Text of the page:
Your backpack will never weigh more than 6-8kg. The only time you will have to carry your personal basic gear. Because we break camps and load all equipment on 4WD vehicles, you won’t have to carry heavy stuff.
There is communication on the mountain?
Yes! At any time you can use our satellite phone. The calls cost U$3/minute. Throughout the expedition, we will post daily updates to our Facebook page via SPOT satellite.
Would you guys call my family and tell them I’m alright?
Of course! Even better! We have a blog that is updated every day! We normally post messages or photos about the expedition progress. Please visit our Facebook page and check the latest posts.
I’ve heard San Francisco is just a walk, is it true?
In fact, it is not a technical mountain. However, don’t forget its a 6000-metre peak. Altitude and bad weather have caused many people to lose their lives because they didn’t respect their own boundaries and underestimated the mountain.
Can I charge my iPhone battery or my camera?
Yes! We have solar panels to charge batteries, iPods, etc. Of course, this changes when there’s not enough sunlight. Car 12V DC plugs are also options while our vehicles are on the move.
What if I abandon or quit the expedition?
If you quit the expedition 1 week before departure, it is possible to recover part of your investment. Contact us and find out more.
If you quit the expedition in Copiapo, you can continue enjoying the services we provide you such as transportation and hotel. However, we can not pay back the money you invested because logistics will already be hired.
If you quit the expedition after we left Copiapo, you will have to cover individual transportation and accommodation costs. Everyone who leaves the expedition for personal or health reasons should pay these costs.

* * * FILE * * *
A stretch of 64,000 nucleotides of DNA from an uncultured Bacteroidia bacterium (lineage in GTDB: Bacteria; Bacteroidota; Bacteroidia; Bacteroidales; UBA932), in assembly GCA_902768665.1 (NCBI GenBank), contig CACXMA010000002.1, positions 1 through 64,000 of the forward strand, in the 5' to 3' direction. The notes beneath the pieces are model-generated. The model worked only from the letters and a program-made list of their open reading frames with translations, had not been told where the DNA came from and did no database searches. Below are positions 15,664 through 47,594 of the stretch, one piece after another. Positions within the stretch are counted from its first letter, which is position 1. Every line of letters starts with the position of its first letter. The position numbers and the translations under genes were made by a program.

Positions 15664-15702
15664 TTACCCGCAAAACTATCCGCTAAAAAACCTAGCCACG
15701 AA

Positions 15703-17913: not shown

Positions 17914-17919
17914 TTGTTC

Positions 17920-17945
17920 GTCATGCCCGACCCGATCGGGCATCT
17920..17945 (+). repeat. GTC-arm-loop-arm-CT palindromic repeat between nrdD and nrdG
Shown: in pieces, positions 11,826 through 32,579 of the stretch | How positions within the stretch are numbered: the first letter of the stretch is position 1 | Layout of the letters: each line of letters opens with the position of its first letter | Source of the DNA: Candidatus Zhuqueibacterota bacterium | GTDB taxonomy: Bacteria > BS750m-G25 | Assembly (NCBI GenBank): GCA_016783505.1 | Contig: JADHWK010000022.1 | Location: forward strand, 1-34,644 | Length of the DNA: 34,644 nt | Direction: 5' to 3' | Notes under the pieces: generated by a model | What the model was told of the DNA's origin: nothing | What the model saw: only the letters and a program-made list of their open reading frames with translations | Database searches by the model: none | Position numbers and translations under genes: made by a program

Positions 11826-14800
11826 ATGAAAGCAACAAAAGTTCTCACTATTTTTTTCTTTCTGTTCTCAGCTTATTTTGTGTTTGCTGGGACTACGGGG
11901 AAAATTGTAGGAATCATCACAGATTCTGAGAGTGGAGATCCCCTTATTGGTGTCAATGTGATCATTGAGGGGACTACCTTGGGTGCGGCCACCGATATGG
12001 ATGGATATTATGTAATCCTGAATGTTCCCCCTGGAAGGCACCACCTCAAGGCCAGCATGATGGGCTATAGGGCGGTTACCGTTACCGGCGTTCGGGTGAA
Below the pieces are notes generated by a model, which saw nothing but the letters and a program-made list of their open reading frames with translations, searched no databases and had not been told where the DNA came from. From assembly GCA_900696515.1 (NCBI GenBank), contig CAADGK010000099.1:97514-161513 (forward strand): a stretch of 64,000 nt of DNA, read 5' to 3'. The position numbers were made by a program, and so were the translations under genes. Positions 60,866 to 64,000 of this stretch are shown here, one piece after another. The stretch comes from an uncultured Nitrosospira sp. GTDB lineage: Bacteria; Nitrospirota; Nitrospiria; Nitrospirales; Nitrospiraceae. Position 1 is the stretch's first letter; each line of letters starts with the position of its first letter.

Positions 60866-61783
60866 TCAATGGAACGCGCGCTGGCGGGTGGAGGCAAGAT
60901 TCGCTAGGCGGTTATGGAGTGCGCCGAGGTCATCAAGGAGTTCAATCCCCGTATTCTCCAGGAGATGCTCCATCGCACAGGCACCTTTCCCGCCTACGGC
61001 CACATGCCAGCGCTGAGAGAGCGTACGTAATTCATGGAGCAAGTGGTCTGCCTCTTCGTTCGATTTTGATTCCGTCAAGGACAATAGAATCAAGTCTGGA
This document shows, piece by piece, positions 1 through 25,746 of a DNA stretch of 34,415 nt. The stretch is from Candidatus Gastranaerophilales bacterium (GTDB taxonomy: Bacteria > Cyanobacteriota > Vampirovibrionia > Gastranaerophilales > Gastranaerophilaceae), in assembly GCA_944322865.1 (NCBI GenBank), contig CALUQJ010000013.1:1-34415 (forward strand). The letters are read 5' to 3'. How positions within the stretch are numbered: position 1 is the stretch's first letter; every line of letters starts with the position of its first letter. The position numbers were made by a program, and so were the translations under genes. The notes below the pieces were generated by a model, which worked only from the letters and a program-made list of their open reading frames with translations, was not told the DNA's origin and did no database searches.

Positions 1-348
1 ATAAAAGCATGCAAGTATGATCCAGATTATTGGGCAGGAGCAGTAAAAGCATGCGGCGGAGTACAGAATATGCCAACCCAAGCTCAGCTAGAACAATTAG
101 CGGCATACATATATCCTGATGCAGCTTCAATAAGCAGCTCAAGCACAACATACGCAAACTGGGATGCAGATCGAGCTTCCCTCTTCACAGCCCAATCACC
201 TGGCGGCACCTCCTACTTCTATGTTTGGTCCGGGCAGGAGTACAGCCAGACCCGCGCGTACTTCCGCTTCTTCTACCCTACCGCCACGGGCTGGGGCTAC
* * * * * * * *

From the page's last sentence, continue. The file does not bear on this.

If you give up during the summit attempt, you will never have to go down alone. Usually, we coordinate your descent with more expedition members. One of the guides will always be with you.
To leave San Francisco, one of our vehicles will have to travel 600km to make a roundtrip to Copiapo. Fuel, maintenance and guide’s expenditure must be covered in case you wish to return home.
What’s your philosophy?
We accept women and men of any age, experience or ambition. We ask our members to be patient, respect the leader’s decisions and never go up or down alone.
Remember that you don’t pay us to take you to the summit, you pay mountaineering professionals with several years experience to help you up and down a steep mountain in the safest possible way.
Our itinerary may seem slower than other companies, this is due to a longer acclimatisation plan based on safety. More days will actually improve the chance of reaching the summit!
The need to take money?
You should take enough money in case you decide to abandon the expedition. We recommend you to bring a total of U$300 in US currency and 40.000 or more in Chilean pesos for the whole trip.
Can pay for rental equipment with a credit card?
No, this must be paid in US dollars to our guides.
How much does the climbing permit costs?
There is a required permission to climb San Francisco called DIFROL. This has no cost and is carried by the expedition leader.
What experience do I need for San Francisco?
Ideally, anyone attempting an easy 6000m peak should have trekked in high altitudes before in order to become familiarized with acclimatisation and snow walking. Treks such as Everest Basecamp, Annapurna Basecamp or machu picchu are enough.
How is the weather at San Francisco?
This is a very windy mountain! It is also a very dry region where the wind from the Pacific starts at around 11am and blows until abut 5pm. It is common to have at least one snow storm during the expedition. Our team receives daily weather forecast updates.
What if I have a special diet?
Please tell us in advance about any food issues you might have and also please remind our guides about it too. Unless you bring your own food, we cannot help you if you are macrobiotic vegan or celiac due to extreme logistical difficulties. Contact us and let us know about your food restriction.
Who cooks at the huts?
We have very skilful guide/cooks! We guarantee you will e impressed about the meals!
Is there water at San Francisco?
There is no liquid water on the mountain. Eventually some snow might melt and start running a little stream. These are however temporary and we cannot count on it. We take all the water from Copiapo. In our last expedition we took 320 litres of water for each whole expedition.
What if I have a health problem?
Our leader Maximo Kausch has extensive experience in mountain medicine and can solve most of problems you might encounter.